# Euler 12

Today I’m trying problem 12 - find the first triangular number with over 500 divisors. This is the first Project Euler problem I’ve really struggled to find a solution in a reasonable amount of time.

What’s a triangular number? It is the sequence found by summing all the natural numbers, for example the third number is $1+2+3=6$. Interestingly, it counts objects arranged as a triangle.

This also has closed form $T_n=\sum_{i=1}^{n}i=\frac{n(n+1)}{2}$.

I started with a brute force approach - iterate through the triangular numbers and test if the number of divisors is greater than 500. I’m using the “numbers” package’s Sigma function to implement divisor function $\sigma x(n)=\sum{d |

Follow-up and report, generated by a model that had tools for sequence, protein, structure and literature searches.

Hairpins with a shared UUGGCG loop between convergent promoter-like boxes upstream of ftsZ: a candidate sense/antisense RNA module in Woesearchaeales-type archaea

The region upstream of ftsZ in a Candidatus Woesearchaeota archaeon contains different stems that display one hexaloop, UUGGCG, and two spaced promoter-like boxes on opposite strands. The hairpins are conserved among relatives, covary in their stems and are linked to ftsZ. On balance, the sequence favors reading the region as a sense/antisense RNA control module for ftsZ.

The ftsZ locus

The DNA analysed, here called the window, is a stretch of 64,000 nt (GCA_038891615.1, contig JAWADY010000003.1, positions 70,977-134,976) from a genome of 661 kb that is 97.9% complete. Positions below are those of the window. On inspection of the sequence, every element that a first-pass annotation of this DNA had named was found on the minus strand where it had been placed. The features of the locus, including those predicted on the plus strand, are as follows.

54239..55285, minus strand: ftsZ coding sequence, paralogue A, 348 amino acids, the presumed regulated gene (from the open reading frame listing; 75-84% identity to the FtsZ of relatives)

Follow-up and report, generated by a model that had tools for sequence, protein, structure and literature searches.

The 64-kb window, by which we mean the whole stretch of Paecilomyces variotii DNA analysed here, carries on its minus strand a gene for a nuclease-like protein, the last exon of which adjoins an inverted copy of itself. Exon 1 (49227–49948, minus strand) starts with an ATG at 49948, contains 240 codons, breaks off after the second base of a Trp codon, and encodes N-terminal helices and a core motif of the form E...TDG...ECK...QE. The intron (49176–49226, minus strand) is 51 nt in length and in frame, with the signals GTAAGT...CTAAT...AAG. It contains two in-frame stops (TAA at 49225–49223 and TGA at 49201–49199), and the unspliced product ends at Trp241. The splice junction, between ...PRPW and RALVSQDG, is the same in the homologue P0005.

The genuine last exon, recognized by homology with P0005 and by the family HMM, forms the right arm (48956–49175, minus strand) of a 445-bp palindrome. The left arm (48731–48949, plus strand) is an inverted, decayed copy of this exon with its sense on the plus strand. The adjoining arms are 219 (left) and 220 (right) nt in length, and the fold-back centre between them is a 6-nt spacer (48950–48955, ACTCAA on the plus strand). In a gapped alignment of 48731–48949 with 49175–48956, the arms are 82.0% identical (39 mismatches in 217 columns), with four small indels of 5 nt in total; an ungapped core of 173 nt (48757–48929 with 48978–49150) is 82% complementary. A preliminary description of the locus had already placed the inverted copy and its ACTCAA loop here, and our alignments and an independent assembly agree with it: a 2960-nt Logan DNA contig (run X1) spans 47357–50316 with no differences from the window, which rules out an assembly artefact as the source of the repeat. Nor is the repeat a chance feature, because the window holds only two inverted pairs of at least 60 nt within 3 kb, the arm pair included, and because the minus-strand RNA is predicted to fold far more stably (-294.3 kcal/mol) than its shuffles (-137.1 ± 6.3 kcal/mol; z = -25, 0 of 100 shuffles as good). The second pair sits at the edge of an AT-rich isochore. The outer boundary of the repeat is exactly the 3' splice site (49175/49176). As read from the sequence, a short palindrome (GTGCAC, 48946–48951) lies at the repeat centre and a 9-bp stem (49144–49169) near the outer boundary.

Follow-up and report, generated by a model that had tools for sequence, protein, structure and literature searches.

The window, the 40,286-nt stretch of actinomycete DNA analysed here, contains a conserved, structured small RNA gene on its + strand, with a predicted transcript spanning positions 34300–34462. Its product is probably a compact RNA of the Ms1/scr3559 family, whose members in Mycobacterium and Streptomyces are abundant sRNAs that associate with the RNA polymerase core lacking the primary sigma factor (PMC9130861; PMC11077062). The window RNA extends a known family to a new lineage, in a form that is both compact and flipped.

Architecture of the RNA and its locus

n}d^x$ where $\sigma _0(n)$ gives the total number of factors for a given number. That requires a loop, which is going to dominate for large $n$, so $O(n^2)$. |

```
library(numbers)
triangular.number <- function(number) {
number = (number * (number + 1)) / 2
}
num.factors <- 0
i <- 1
while (num.factors < 500) {
num.factors <- (Sigma((triangular.number(i)), k = 0))
print(triangular.number(i)) i <- i + 1
}
```

Not terribly efficient but it gets the correct answer. So how can we improve the algorithm? Reducing the number of times we repeat the loop would be a good place to start.

Now, $a(n)$ and $b(n+1)$ are co-prime - the only positive integer that divides them both is 1. This has a useful property, that $lcm(a,b)=ab$. Thing is, I can’t see how to incorporate it…